During Summer 2017 MEGL ran a small program with 7 participants. There was one research group (Orbits), one visualization group (Hyperbolic Virtual Reality), and one public outreach group (Outreach). The research and visualization groups engaged in experimental exploration involving faculty and undergraduates. Teams met weekly to conduct experiments generating data, to make conjectures from data, and to work on theory resulting from conjectures. The outreach group involved faculty, and a graduate student to develop and implement activities for elementary middle and high school students. We concluded with final reports from all teams at the Geometry Labs United Conference at the University of Washington.

The automorphism group of the polynomial $k(x,y,z)= x^2 + y^2 + z^2 - xyz - 2$ over a finite field $\mathbb{F}_{q}$ has a subgroup $\Gamma$, consisting of polynomial automorphisms, whose orbit lengths are of particular fascination. The group $\Gamma$ is generated by the automorphisms $\iota$, $\tau$, $\eta$ and acts on the variety $\mathbb{V}(k - \lambda)$, for $\lambda$ in $\mathbb{F}_q$. We are interested in the length of the longest orbit, denoted $\mathcal{L}_{\langle w \rangle} (q, \lambda)$, for a fixed $\lambda$ and prime power $q$, where $\langle w \rangle$ is the cyclic subgroup generated by $w$ in $\Gamma$. The evaluation of our $\mathcal{L}$ function is complete for $\iota$, $\tau$, $\iota \tau$, and $\eta \iota$.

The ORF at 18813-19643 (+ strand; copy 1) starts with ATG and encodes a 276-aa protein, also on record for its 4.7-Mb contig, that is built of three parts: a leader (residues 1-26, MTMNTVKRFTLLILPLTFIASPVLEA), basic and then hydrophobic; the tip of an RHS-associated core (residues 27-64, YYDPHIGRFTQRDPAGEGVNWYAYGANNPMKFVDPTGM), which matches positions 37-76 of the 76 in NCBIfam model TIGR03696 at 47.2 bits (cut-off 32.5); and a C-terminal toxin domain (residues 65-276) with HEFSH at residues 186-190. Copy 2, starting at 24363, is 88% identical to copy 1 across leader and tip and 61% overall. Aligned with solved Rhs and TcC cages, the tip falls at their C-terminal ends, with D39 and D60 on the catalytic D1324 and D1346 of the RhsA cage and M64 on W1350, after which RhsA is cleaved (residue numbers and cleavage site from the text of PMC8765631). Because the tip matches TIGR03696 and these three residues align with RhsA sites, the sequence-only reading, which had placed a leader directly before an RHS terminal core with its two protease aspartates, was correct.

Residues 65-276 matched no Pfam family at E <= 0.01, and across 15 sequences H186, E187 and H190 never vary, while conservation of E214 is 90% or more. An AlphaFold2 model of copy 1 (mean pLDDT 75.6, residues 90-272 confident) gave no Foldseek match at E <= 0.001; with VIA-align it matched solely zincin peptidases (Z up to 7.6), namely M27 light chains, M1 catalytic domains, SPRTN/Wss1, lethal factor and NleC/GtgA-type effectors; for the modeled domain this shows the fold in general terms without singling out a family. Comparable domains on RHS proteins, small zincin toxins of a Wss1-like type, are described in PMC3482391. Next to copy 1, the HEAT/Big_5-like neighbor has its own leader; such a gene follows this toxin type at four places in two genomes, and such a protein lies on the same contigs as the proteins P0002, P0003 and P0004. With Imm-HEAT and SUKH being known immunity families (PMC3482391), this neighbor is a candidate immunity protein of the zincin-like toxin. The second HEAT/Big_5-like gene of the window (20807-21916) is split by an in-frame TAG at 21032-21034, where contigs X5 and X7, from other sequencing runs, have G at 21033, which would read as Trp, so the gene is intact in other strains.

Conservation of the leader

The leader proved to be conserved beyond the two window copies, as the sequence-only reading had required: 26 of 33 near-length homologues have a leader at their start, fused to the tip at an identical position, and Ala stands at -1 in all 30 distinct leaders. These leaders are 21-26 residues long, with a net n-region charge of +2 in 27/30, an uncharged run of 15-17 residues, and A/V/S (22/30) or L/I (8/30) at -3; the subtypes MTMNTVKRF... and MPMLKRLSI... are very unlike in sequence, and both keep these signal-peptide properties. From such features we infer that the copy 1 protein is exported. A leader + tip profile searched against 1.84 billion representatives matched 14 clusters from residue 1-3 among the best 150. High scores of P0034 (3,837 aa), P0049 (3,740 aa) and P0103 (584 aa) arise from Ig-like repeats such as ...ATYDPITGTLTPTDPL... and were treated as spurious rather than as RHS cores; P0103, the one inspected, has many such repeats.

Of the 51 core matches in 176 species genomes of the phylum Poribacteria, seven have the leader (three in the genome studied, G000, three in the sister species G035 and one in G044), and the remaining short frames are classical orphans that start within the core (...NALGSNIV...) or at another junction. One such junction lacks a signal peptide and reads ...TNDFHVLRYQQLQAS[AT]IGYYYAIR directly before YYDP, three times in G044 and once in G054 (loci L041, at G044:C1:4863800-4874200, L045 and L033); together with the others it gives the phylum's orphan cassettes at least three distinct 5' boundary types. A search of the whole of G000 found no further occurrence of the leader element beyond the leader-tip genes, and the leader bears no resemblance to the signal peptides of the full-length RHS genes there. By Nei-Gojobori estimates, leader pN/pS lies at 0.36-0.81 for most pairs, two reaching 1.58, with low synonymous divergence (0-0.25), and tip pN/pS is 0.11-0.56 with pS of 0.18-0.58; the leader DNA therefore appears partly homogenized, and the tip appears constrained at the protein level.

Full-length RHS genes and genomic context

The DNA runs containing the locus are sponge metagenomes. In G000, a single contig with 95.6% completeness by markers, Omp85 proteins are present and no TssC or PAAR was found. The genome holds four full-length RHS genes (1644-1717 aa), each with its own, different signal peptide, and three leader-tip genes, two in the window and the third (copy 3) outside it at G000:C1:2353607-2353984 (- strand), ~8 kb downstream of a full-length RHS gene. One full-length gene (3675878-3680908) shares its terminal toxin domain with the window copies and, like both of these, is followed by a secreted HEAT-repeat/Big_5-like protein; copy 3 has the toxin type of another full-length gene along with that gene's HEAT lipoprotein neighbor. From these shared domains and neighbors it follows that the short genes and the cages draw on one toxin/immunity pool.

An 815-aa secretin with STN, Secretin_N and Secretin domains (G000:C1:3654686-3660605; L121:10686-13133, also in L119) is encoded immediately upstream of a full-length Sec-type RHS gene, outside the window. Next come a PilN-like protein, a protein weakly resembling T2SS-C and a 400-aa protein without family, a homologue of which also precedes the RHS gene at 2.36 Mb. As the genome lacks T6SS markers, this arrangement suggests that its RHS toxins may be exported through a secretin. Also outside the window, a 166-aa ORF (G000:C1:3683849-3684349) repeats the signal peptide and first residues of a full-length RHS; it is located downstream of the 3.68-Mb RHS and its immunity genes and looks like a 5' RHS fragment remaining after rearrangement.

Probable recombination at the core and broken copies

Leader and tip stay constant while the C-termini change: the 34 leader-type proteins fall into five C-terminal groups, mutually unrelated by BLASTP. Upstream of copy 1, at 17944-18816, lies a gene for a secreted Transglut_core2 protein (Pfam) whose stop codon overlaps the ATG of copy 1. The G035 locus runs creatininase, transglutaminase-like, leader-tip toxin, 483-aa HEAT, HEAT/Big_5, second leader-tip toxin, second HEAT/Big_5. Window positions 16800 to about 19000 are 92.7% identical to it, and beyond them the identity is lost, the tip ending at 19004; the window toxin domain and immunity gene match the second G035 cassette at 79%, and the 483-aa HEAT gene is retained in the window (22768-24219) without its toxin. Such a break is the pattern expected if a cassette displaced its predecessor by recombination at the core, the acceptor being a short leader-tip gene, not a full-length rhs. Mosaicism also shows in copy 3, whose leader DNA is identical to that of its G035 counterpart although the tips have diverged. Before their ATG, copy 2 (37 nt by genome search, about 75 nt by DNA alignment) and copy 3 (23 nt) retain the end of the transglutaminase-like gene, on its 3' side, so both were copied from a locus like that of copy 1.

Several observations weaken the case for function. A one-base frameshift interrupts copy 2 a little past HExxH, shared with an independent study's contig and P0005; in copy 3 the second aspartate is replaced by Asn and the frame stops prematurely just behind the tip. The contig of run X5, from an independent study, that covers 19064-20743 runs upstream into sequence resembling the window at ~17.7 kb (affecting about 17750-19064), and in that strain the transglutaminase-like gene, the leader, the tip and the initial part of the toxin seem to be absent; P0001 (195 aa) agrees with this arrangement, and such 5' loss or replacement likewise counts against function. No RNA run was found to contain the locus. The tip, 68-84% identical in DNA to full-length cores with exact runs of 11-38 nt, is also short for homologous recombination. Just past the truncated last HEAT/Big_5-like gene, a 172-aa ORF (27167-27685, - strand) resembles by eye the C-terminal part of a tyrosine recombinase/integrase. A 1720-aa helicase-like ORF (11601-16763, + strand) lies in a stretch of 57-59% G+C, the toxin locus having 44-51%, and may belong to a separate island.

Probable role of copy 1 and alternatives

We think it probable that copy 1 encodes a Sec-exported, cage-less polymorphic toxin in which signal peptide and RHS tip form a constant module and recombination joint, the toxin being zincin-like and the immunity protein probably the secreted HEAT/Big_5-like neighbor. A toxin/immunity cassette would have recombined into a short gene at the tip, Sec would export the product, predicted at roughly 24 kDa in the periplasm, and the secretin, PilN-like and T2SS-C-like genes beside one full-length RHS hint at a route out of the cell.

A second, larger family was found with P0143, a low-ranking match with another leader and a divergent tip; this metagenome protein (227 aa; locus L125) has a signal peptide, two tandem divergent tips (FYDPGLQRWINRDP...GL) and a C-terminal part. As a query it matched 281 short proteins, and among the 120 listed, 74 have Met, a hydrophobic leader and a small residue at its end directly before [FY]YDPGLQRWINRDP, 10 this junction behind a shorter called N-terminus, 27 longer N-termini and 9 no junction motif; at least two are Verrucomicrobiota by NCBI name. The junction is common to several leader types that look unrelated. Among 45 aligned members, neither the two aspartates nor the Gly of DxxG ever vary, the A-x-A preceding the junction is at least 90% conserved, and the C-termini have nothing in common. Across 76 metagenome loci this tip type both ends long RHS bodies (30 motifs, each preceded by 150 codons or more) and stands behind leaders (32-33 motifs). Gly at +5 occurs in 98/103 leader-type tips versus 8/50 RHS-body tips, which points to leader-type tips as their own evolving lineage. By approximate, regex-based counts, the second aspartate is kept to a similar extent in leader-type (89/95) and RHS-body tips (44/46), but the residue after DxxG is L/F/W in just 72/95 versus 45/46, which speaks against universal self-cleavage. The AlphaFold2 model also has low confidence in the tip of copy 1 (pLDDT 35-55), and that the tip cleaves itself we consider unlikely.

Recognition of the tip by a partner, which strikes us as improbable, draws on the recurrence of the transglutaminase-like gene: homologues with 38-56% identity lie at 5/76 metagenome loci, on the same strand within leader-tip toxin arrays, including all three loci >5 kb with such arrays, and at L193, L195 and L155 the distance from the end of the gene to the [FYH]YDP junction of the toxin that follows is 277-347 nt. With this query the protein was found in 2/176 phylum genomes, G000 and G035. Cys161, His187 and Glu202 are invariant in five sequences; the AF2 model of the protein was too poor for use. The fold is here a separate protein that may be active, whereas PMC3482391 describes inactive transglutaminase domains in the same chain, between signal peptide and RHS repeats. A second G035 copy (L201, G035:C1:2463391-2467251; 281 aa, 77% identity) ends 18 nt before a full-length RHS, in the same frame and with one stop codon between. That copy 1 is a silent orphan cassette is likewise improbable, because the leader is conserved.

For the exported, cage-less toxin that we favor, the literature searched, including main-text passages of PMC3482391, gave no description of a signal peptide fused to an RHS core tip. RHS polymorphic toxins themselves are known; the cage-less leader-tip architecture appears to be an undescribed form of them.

A motivating conjecture is that these automorphisms will act transitively (in a certain measure sense) on the variety as $q$ tends toward infinity. We hope to gain insight into how the group action is approaching transitivity by studying automorphisms of exceptionally large order. The automorphism $\eta \tau$ is of interest due to its orbits rate of growth as $q$ increases. It appears to tend toward $q \log{q}$. This is significantly larger than the linear growth rate of $\eta$, or the constant orders of $\iota$, $\tau$, $\iota \tau$, and $\eta \iota$.

View our poster from the Geometry Labs United Conference.